Unarguably, political defections cannot be abolished in a true democratic setting. And this is not limited to Nigeria or developing country context. Thus, political prostitution must be distinguished from genuine and well-conceived intentions of politicians, card-carrying party members or partisan-public figure to switch alliance by decamping from one political party to another.

In such scenarios, their unaffected intentions are not selfish and are not based one’s expectations of personal gains. Even if in the short-term, the gains may appear personal, ultimately, the larger interest of the people prevail.

Therefore, it is safe to conclude then, that political defections may be genuine. And sometimes political defections may not be. Also, all political prostitution are political defections. Nonetheless, not all political defections are political prostitution.

Political Prostitution in Nigeria

Political defections are not new in Nigeria. However, while the past cannot be said to be totally free of political prostitution, the scope and frequency of its occurrence is more contemporaneous.

In 1951 for example, several members of the defunct National Council of Nigeria and Cameroon (NCNC), led by the late Dr. Nnamdi Azikwe, decamped to the Action Group (AG). The purpose was to deny Zik the majority needed to form government in the then Western Region and allow Action Group, led by the late Chief Obafemi Awolowo, to have the majority to form the government in the Region. This was a decade even before Nigeria’s Independence in 1960.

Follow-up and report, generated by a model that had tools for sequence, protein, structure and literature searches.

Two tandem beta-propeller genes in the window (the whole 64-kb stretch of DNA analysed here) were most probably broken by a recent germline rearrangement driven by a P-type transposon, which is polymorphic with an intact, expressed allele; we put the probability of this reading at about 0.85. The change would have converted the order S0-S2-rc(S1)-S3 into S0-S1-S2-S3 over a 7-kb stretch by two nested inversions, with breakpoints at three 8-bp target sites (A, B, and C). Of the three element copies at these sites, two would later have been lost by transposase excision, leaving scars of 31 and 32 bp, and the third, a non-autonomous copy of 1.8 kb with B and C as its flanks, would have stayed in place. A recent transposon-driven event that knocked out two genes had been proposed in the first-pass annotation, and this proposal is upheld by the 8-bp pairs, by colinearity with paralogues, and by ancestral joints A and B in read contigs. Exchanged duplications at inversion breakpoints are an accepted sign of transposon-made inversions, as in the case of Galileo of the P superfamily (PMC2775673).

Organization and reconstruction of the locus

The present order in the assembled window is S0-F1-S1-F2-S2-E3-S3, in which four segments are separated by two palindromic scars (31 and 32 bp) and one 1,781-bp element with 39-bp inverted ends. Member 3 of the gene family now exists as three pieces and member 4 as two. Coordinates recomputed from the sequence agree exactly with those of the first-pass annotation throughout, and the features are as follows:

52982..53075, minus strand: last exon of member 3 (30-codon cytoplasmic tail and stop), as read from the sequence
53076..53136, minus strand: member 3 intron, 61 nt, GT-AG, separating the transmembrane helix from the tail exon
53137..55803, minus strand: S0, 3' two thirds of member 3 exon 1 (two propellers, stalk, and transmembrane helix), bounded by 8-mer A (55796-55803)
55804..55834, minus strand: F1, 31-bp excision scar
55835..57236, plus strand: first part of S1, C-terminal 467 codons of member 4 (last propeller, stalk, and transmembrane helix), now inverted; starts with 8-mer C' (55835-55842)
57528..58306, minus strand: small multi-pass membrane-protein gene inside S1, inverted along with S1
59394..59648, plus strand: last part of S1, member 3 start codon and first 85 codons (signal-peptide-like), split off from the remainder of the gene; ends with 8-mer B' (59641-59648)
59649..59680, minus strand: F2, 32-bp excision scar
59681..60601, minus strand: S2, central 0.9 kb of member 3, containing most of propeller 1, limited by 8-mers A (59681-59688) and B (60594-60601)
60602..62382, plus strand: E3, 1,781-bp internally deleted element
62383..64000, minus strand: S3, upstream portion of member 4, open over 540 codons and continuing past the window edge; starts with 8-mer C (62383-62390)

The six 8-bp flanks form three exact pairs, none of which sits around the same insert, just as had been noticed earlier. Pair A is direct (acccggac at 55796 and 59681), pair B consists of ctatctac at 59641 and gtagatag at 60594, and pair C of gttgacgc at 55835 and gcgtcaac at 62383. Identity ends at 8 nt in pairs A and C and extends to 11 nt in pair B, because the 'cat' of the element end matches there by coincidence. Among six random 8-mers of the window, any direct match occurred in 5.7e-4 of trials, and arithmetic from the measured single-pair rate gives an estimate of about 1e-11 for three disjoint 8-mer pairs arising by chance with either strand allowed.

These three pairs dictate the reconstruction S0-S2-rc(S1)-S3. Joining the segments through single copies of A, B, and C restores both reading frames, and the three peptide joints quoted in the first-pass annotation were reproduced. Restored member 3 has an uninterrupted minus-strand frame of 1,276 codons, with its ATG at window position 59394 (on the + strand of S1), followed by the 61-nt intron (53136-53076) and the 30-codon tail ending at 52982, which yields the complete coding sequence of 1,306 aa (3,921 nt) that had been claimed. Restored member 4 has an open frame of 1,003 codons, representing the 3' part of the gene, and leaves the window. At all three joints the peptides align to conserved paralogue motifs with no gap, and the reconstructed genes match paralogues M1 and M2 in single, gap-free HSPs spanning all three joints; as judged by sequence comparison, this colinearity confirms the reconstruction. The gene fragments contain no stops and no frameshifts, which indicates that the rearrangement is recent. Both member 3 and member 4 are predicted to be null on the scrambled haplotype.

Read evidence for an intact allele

Similarly, and in that same First Republic, Chief Ladoke Akintola, left the then Action Group, to form United Nigeria Democratic Party (UNDP), and then later joined forces with the Northern People’s Congress (NPC). The reason he gave was that he wanted to mainstream the Yoruba race out of regional politics to national politics, even though personal differences have been cited by different authorities as the core and unvoiced reason for his actions.